For the first time, the City of Santa Barbara will be charging more to treat high-strength fecal waste, reflecting the additional impact imposed by high-concentration effluent on the biochemical stew that is the city’s wastewater treatment plant. This new approach will be reflected in a broader proposal to increase wastewater treatment rates.
For residential customers, the rate bump will be negligible, 1.2 percent. That translates to 58 cents more a month. But for companies renting porta potties and running septic cleaning services, the numbers are more dramatic. Derek Carlson of MarBorg — which runs a thriving porta potty and septic business—calculates the company’s wastewater treatment rates will be increasing by 750 percent. Translated, that comes to $300,000 a year. Carlson had hoped to persuade the city’s water commission to spread that increase out over three years.
But that idea was opposed by city water czar Joshua Haggmark, who cast the rate hike in less draconian terms. Currently, Haggmark said, MarBorg pays half a cent for every gallon of high-concentrated waste treated. Under the new rate structure, the company will pay a nickel more. Carlson said those numbers don’t reflect the pre-treatment expenses MarBorg must absorb in order to dispose of its wastes at the city’s facility. Other cities, he noted, don’t have such costly pre-treatment requirements. Haggmark noted that most cities — Carpinteria, Goleta, Ventura, and Montecito, to name a few — don’t accept high-concentration waste at all.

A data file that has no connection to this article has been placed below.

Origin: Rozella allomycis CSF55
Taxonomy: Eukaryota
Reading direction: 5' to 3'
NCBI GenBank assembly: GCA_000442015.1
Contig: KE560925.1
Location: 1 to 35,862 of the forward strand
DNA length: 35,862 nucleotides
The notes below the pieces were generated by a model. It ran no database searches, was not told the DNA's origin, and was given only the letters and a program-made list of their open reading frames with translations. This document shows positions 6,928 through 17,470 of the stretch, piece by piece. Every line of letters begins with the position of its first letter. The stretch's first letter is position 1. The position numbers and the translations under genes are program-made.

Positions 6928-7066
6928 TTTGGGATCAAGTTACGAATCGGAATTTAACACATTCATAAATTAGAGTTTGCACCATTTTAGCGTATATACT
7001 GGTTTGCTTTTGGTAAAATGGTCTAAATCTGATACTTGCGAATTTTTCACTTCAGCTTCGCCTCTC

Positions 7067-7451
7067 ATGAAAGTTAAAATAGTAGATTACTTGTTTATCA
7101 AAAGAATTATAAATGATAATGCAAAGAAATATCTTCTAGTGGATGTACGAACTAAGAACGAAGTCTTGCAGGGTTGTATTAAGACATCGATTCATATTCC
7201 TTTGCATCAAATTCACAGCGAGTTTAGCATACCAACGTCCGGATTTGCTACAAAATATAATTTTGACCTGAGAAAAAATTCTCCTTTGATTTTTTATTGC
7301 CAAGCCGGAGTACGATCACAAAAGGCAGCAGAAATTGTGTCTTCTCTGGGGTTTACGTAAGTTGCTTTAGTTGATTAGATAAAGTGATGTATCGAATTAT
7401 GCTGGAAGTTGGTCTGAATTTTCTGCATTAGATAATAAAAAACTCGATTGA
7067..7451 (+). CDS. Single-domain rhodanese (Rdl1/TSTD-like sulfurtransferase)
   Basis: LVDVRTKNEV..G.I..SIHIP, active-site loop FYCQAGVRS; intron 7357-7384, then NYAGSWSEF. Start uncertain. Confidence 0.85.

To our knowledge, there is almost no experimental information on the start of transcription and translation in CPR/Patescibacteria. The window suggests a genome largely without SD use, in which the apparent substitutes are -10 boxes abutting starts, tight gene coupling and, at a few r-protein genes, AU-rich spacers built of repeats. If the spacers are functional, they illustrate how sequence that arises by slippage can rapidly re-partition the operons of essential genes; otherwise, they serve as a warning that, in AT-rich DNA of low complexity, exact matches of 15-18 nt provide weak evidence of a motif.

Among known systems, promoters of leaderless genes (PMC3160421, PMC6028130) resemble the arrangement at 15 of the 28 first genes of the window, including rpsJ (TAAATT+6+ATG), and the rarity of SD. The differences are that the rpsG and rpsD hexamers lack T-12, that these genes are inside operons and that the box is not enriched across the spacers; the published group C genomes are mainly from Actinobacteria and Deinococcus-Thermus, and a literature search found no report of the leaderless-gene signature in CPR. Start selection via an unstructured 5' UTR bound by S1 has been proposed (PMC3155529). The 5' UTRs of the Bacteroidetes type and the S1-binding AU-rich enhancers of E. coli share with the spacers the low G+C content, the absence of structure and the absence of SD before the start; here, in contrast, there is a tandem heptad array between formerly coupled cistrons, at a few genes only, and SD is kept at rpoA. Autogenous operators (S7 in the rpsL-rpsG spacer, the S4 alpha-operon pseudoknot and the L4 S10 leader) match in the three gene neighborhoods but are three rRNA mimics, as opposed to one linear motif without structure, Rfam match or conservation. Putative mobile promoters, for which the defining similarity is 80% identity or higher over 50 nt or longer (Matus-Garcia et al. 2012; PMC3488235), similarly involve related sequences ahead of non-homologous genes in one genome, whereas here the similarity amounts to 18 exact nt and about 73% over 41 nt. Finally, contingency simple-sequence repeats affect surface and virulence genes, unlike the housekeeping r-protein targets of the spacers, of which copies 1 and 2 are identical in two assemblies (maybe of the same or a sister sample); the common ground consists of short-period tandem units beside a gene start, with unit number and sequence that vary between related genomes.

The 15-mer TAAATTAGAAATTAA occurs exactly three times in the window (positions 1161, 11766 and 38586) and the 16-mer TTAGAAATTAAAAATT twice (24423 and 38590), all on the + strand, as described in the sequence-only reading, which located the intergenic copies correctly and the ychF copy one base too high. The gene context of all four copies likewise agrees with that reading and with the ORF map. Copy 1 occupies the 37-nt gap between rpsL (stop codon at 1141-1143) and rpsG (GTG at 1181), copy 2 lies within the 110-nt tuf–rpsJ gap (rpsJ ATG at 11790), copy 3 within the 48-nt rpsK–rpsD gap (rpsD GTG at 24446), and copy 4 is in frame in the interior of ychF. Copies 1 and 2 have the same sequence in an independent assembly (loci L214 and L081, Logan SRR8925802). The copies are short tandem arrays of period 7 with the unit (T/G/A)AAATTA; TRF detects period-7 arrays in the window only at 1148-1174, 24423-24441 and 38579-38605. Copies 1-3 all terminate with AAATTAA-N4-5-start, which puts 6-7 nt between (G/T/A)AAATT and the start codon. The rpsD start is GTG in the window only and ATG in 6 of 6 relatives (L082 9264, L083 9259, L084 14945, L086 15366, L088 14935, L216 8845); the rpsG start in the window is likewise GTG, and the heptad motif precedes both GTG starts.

Ultimately, the new rates, which must be approved by the City Council, are scheduled to go into effect July 1. MarBorg currently deposits roughly 5 million gallons a year at the city plant. Large quantities of highly concentrated biosolids, he said, can wreak havoc on the delicate chemistry of digestion taking place there. Also targeted for concern were the new breweries and distilleries springing up in and around the Funk Zone and Haley Street.